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Fuso Canter

Setting out your stall to sell vans or light trucks on the other side of the world certainly gets a boost if you build locally. Daimler’s Fuso brand retails mainly through Mercedes commercial dealers in Western Europe, so to establish that local footprint and to save shipping costs, the company uses a factory in Tramagal, Portugal.

Fuso is a big name in Far Eastern markets, with a heavy truck portfolio that we never see. The modest Canter, of which 852 were sold in the UK last year, has a global sales figure of 140,000, outselling all other models in Daimler’s truck portfolio.

The 3.5-7.5 tonne Canter range has taken on EGR (exhaust gas recirculation), an oxidation catalyst and a particulate trap to achieve Euro 6 below 6.0-tonne GVW. Above that, SCR (selective catalytic reduction) and AdBlue are added to clean up emissions.

Test drives of various Euro 6 models gave the impression of being quieter, while longer axle ratios, higher injection pressures, a stop/start system and an electromagnetic fan clutch are among developments that lead to a claimed 9% fuel economy gain over Euro 5 models.

Cab shells remain unchanged, but seat adjustment gives a six foot driver enough headroom and more legroom than required, unusual in this style of vehicle. Fuso claimed a first in commercial vehicles when it introduced the Duonic AMT (automated manual transmission) that uses two clutches to manage shifting. It works well, with manual intervention being easy. Drivers would be best advised to leave it in auto mode for town work and resort to manual on hilly routes.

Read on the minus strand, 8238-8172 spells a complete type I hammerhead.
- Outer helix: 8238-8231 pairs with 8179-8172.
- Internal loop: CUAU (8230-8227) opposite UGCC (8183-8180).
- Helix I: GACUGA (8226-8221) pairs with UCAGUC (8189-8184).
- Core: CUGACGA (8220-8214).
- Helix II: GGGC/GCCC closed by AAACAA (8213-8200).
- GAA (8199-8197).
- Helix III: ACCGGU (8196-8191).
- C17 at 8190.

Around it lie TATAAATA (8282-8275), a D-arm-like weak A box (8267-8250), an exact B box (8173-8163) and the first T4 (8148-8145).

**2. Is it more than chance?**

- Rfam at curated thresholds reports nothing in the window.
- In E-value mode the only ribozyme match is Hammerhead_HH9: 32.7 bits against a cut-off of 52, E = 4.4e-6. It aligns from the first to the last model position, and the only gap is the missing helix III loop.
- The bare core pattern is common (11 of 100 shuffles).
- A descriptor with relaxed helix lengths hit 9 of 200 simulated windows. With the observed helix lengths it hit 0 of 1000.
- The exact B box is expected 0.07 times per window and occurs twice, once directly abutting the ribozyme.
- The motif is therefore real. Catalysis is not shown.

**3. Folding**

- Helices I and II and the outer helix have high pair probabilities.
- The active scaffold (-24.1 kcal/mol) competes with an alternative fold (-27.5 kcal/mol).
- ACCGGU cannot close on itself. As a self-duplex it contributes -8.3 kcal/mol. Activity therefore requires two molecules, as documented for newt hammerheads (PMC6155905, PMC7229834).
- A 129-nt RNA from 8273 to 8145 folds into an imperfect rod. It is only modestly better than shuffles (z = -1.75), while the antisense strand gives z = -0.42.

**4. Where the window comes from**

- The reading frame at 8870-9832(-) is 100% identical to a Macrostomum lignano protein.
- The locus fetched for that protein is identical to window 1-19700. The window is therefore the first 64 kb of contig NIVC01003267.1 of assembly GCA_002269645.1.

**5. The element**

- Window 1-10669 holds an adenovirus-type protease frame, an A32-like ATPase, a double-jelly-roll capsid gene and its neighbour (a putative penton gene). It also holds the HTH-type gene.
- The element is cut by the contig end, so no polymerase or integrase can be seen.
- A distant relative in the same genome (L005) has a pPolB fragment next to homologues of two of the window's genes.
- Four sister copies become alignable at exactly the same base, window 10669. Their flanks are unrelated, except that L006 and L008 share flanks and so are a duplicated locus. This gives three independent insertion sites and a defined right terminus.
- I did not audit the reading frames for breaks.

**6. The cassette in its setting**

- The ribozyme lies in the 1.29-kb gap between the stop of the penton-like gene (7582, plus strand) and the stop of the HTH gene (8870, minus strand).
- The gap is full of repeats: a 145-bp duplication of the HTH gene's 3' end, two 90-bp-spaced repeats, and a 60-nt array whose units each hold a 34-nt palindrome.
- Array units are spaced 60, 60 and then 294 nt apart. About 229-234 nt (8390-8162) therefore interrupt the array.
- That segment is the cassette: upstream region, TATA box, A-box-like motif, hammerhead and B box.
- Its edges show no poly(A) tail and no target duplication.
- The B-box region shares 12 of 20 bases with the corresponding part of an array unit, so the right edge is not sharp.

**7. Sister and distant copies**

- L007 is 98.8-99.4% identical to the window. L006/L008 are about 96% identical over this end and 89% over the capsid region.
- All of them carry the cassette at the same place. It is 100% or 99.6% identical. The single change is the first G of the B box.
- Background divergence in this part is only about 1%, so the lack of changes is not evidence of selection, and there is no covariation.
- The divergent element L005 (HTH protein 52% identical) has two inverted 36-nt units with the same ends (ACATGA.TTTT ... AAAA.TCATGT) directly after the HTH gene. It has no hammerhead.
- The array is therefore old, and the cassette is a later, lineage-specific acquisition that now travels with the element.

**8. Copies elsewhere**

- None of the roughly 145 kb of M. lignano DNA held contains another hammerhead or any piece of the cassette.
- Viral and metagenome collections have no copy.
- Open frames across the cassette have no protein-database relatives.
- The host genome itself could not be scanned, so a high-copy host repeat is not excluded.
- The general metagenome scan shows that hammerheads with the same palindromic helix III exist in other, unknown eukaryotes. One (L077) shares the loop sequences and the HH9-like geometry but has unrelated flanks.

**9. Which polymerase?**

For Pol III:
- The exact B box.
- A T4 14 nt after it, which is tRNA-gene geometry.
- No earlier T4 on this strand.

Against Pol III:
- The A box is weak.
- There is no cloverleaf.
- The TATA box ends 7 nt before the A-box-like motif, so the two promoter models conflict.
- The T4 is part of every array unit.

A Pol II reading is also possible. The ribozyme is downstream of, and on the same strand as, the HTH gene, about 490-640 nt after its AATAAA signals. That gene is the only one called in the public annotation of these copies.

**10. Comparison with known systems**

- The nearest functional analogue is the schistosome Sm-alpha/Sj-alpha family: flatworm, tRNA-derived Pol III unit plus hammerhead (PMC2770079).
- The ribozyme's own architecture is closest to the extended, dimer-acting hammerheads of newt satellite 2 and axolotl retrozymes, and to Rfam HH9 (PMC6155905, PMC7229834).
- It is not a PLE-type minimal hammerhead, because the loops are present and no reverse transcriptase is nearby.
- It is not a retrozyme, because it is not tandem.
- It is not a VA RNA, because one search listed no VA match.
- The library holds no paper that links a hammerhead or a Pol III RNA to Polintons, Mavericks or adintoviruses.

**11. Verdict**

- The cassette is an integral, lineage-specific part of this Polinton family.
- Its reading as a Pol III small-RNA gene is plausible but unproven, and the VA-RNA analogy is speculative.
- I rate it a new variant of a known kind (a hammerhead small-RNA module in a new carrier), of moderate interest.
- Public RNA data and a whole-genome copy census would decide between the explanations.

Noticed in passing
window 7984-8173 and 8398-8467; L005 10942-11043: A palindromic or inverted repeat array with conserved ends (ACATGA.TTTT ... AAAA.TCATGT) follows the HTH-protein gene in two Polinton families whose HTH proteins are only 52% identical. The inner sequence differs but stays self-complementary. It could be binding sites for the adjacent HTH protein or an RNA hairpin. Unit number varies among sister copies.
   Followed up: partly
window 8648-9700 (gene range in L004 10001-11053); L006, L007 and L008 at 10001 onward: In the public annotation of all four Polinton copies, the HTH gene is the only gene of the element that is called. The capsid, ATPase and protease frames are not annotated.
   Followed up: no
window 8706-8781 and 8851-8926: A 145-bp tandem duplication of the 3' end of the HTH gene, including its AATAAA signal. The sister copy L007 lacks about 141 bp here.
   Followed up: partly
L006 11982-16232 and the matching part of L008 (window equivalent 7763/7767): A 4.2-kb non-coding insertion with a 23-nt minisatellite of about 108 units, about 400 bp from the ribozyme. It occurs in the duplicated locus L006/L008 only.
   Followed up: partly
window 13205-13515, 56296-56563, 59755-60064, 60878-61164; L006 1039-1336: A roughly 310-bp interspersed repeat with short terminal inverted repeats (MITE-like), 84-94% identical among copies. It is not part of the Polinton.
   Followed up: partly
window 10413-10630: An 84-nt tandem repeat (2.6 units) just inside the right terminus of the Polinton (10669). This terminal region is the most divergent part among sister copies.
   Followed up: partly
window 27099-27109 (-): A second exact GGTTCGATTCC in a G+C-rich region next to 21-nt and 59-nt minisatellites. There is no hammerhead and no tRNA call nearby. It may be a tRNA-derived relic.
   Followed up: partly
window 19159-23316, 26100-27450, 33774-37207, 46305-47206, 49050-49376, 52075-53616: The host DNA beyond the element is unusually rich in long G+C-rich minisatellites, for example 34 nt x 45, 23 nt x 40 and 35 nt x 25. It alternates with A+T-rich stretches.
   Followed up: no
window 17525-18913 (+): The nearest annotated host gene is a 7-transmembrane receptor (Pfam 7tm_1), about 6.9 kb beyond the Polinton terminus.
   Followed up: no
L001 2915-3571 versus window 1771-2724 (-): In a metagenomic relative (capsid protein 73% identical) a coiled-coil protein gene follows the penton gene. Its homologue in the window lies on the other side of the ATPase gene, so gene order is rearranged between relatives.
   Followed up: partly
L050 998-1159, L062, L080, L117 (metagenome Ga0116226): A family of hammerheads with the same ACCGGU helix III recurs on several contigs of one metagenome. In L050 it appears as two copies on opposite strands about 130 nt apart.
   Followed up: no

Canter is not a vehicle we would have expected to perform particularly well as a 4×4. But the performance of the 6.5-tonne 6C18(D) was very impressive. A slippery off-road test route in the Sintra mountains was managed with road tyres and we gave it full marks. A bumpy ride is to be had unless you keep the speed down, but the five-speed manual box, with a reduction gear to give a low range, does a good job. If you’re in forestry, light construction or utilities, you could give one a go.

We also tried out the Eco Hybrid 7C15. A 150hp diesel and a 40kW electric motor are set up as a parallel hybrid with regenerative braking. The truck drives well and Fuso says that 5% of Canter production is now hybrids, although only 25 have hit the road in the UK since launch three years ago.

Pushing the envelope even further, we also glimpsed an all-electric 7.5-tonne E Cell Canter. Despite boasting a raft of batteries and a 110 kW (150hp) electric motor, there was hardly any technical detail on offer. Suffice to say that range and electricity charging costs will no doubt be major concerns.

What we think
The Canter light truck still has a Japanese flavour, whichever way you slice it, but it continues to improve. The Duonic twin clutch transmission and the 4×4 version should help increase sales.

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